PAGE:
On May 9, 2011, the U.S. Department of Labor announced that it had come up with a new application for smart phones that will help employee keep track of their overtime. The free app is currently compatible with the iPhone and iPod Touch. The Labor Department will explore updates that could enable similar versions for other smartphone platforms, such as Android and BlackBerry, and other pay features not currently provided for, such as tips, commissions, bonuses, deductions, holiday pay, weekend pay, shift differential and pay for regular days of rest.
The Department of Labor had previously come up with printable work hour calendar in English and Spanish to track rate of pay, work start and stop times, and arrival and departure times so that employees would not have to rely on their employers’ records. That calendar also instructs employees as to their rights and how to file a wage and hour violation with the DOL. This is the first time the DOL has come up with a way for time to be electronically stored on employee’s phones.
The Department stated that it had launched “its first application for smartphones, a timesheet to help employees independently track the hours they work and determine the wages they are owed”. The application is available in English and Spanish and allows employees to “conveniently can track regular work hours, break time and any overtime hours for one or more employers”. According to the Department of Labor, the application includes a glossary, contact information and easily accessible materials about wage laws are through links to the Web pages of the department’s Wage and Hour Division.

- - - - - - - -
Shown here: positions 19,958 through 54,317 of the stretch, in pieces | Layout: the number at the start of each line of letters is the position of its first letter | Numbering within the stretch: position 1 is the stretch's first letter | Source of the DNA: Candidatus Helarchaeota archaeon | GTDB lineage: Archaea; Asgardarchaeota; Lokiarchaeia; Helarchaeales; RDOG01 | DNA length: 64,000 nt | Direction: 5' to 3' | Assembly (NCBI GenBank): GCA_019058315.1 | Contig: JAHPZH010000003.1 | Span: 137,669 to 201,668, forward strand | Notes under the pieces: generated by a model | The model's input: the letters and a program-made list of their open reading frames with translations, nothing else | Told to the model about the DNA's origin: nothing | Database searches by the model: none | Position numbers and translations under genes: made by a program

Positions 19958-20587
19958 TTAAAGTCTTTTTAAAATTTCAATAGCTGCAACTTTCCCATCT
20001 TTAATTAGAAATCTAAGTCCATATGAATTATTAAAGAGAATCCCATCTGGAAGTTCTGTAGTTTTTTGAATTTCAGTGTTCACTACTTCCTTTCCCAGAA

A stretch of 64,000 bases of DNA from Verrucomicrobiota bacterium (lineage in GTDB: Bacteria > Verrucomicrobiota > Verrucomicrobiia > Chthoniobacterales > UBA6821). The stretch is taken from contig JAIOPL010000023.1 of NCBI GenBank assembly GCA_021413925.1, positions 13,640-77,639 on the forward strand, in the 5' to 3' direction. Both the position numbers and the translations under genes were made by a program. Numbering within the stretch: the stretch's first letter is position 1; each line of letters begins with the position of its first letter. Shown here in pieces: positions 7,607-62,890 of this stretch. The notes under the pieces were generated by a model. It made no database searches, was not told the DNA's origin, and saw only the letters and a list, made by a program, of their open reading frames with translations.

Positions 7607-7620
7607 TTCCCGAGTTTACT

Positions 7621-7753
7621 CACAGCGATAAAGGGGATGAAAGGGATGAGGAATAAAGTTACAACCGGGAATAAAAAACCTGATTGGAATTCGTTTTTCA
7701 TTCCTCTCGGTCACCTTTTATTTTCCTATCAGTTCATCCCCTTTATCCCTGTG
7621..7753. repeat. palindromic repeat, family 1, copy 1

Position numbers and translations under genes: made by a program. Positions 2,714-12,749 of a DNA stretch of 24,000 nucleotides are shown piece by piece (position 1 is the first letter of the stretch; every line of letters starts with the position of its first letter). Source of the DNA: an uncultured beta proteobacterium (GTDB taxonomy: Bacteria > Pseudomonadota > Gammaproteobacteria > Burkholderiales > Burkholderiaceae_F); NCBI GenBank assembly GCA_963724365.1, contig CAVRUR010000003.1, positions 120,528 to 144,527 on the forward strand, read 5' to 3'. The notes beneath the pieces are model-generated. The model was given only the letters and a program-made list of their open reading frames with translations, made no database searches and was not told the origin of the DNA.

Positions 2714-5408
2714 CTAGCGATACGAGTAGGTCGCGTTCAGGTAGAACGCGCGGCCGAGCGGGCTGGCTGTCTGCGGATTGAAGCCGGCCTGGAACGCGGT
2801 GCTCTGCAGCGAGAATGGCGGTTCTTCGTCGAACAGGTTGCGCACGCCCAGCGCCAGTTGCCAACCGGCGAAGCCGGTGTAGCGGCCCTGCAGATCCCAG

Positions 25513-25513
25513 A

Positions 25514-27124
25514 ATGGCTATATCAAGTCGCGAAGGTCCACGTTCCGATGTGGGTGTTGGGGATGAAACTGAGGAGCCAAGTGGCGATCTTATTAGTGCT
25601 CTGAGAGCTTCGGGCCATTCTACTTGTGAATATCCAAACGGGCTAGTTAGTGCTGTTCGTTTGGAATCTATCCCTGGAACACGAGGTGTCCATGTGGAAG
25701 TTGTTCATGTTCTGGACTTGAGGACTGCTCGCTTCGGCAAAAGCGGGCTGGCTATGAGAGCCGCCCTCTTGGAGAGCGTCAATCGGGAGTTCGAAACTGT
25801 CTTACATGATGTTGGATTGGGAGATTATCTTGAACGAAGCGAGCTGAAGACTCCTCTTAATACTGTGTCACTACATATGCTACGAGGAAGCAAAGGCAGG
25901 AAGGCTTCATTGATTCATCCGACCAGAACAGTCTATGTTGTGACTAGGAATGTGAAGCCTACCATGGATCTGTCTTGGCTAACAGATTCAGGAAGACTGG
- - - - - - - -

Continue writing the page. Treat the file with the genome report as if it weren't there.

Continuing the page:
The Department of Labor states that, through the app, “users will be able to add comments on any information related to their work hours; view a summary of work hours in a daily, weekly and monthly format; and email the summary of work hours and gross pay as an attachment”.
Employee’s tracking of hours on their smartphones will not be conclusive evidence of hours worked, however, the information they track could prove that an employer failed to keep accurate records of hours.
Secretary of Labor Hilda L. Solis stated that “This app will help empower workers to understand and stand up for their rights when employers have denied their hard-earned pay.”
Both the app and the calendar can be downloaded from the Wage and Hour Division’s home Web page at http://www.dol.gov/whd.